Oh, man! This is tough! I guess it depends on the day. I love the Christian fiction section, and I always make it there. But I also love to check out what’s new in YA and general literature. I usually do a stroll through the whole store if I can.
Favorite place to write: Usually at a coffee shop or restaurant. I like to write while I’m getting dinner or during my lunch break at work.
Go-to writing snack or drink: Diet Dr. Pepper is ALWAYS my drink of choice. 🙂
What does your writing nook look like? I have a comfy writing chair in my library, but it’s recently been overrun by moose. But when I clear it out, it’s the perfect writing nook.
Something you must do or have to write: The right keyboard. I’m very particular about the keyboard on my computer, so if I have the wrong one, I just can’t seem to get words down and have to handwrite them.
Favorite (doesn’t that word just make you cringe?) writer resource: The Emotion Thesaurus by Becca Puglisi and Angela Ackerman.
What book is currently on your nightstand? Sons of Blackbird Mountain by Joanne Bischoff and The Story of With by Allen Arnold and Story by Robert McKee (along with about 40 others).
Hard copy, e-reader, audio book: All of the above, and usually at the same time. I do love a good audio book for a road trip. And my general impatience makes getting books on my e-reader as soon as they release a delight.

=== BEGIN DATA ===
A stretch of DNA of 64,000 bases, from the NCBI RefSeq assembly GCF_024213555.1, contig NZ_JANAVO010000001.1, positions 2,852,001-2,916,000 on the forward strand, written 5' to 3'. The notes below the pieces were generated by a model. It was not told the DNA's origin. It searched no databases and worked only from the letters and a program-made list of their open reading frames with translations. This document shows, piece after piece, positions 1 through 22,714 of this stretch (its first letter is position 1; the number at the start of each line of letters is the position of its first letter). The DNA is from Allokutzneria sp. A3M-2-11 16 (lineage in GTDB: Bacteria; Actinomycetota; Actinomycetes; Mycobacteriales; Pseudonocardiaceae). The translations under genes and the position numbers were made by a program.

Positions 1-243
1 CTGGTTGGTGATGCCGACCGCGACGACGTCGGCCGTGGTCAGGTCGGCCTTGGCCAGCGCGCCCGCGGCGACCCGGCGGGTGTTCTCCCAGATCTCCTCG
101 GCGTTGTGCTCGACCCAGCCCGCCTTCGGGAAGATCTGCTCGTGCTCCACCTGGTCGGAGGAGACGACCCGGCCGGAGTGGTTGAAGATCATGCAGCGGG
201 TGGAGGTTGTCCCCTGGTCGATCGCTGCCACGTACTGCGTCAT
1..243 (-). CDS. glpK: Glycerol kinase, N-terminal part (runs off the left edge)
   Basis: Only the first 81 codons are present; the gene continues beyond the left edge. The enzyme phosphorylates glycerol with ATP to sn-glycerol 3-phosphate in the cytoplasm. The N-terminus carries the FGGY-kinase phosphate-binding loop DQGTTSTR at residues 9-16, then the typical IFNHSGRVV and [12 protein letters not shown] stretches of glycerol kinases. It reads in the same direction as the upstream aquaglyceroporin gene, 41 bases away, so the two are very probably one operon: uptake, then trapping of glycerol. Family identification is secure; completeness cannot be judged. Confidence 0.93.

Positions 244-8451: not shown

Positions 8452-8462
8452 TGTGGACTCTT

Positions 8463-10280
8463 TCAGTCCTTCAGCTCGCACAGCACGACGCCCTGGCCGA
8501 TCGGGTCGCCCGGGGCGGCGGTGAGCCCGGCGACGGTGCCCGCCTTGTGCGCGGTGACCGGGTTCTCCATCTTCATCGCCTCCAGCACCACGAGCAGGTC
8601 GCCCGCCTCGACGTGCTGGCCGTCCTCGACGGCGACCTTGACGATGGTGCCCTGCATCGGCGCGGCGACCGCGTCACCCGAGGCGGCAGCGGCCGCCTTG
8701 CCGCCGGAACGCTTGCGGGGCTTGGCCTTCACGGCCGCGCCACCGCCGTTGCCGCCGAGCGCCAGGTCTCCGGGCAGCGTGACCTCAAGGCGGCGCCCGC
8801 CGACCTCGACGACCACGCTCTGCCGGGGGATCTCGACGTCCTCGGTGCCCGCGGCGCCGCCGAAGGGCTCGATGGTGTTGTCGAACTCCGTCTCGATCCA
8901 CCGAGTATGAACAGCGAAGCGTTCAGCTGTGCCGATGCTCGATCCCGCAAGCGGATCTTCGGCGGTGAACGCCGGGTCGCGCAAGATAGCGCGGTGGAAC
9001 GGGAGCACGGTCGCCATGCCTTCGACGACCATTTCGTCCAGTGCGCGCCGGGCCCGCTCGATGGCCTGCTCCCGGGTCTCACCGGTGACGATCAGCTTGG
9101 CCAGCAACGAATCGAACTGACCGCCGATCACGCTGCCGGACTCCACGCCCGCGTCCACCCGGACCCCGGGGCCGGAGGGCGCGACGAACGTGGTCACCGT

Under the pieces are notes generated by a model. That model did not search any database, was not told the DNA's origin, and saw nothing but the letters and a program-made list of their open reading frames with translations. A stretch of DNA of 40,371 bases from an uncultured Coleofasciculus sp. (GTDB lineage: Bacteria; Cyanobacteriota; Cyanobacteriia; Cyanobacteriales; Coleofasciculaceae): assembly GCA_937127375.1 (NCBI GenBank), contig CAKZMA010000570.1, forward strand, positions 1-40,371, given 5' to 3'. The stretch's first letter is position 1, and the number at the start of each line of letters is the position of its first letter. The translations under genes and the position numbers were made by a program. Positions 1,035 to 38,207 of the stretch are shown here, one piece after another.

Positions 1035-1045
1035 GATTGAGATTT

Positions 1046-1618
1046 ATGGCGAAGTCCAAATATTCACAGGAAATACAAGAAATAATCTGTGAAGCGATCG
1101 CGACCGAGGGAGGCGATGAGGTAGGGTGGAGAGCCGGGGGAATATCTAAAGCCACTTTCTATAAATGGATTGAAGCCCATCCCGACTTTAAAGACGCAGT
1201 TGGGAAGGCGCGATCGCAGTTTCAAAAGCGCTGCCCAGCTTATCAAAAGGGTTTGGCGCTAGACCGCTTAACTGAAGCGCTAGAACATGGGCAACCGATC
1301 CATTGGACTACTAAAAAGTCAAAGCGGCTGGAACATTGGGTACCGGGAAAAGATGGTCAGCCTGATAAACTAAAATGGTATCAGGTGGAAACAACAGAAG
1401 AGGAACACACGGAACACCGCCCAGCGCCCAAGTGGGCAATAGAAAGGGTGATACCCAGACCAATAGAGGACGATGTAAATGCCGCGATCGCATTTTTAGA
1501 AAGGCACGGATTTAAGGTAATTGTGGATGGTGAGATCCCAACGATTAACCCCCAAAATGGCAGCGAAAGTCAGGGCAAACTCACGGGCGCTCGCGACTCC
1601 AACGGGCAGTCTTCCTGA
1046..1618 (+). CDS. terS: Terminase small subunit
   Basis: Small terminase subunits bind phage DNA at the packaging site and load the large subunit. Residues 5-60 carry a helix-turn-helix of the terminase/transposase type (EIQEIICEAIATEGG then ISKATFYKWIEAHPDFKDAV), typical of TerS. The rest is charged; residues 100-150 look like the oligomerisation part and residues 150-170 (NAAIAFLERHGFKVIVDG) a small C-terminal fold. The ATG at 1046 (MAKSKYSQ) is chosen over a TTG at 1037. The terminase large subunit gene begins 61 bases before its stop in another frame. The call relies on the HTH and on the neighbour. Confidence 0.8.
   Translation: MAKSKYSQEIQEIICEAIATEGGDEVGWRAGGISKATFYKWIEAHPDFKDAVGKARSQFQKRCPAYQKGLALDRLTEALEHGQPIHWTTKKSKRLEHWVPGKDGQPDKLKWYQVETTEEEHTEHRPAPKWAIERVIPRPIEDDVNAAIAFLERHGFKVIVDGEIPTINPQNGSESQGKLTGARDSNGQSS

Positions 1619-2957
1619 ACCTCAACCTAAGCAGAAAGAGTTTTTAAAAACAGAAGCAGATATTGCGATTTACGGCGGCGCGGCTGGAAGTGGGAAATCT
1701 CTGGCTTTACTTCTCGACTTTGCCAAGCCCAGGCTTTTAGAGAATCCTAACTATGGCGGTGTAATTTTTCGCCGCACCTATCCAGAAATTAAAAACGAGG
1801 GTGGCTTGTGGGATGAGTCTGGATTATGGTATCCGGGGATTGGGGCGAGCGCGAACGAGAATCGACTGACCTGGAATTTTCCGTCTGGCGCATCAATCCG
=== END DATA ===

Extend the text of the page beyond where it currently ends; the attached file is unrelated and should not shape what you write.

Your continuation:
What was the inspiration behind A Sparkle of Silver? My dad and I visited Hearst Castle in California, and I was fascinated by the opulence of the estate. I mean, who needs gold-plated swimming pool tiles? But Hearst had them. They also didn’t seem to make him very happy. And I started thinking about what it would look like for an outsider to that kind of wealth staying in a home like that.
Favorite part of writing A Sparkle of Silver: Discovering the ending! I had a loose idea of how it would end, but right up until I wrote it, I didn’t know who Millie’s great-grandfather was. She searches the whole book for her true family, and I didn’t know until I wrote the words who it was going to be. It was a fun moment of discovery.
Hardest part of writing A Sparkle of Silver: Finding the right language for a journal from 1929. I was constantly checking words and researching contractions to see if they were commonly used during that time period.
If A Sparkle of Silver was turned into a movie, who would you cast as the leads? I always envisioned Ben—the history professor—as Tom Hiddleston and Millie—the weary waitress/actress—as Elizabeth Olsen.
What is next? I’m working on revisions for the follow up book, A Glitter of Gold, which should release next summer. I’m also working on what I affectionately call my “super-secret project,” which I hope to release soon too.
About the Story:
Ninety years ago, Millie Sullivan’s great-grandmother was a guest at banker Howard Dawkins’ palatial estate on the shore of St. Simons Island, Georgia. Now, Millie plays a 1920s-era guest during tours of the same manor. But when her grandmother suggests that there is a lost diary containing the location of a hidden treasure on the estate, along with the true identity of Millie’s great-grandfather, Millie sets out to find the truth of her heritage–and the fortune that might be hers. When security guard Ben Thornton discovers her snooping in the estate’s private library, he threatens to have her fired. But her story seems almost too ludicrous to be fiction, and her offer to split the treasure is too tempting to pass up . . .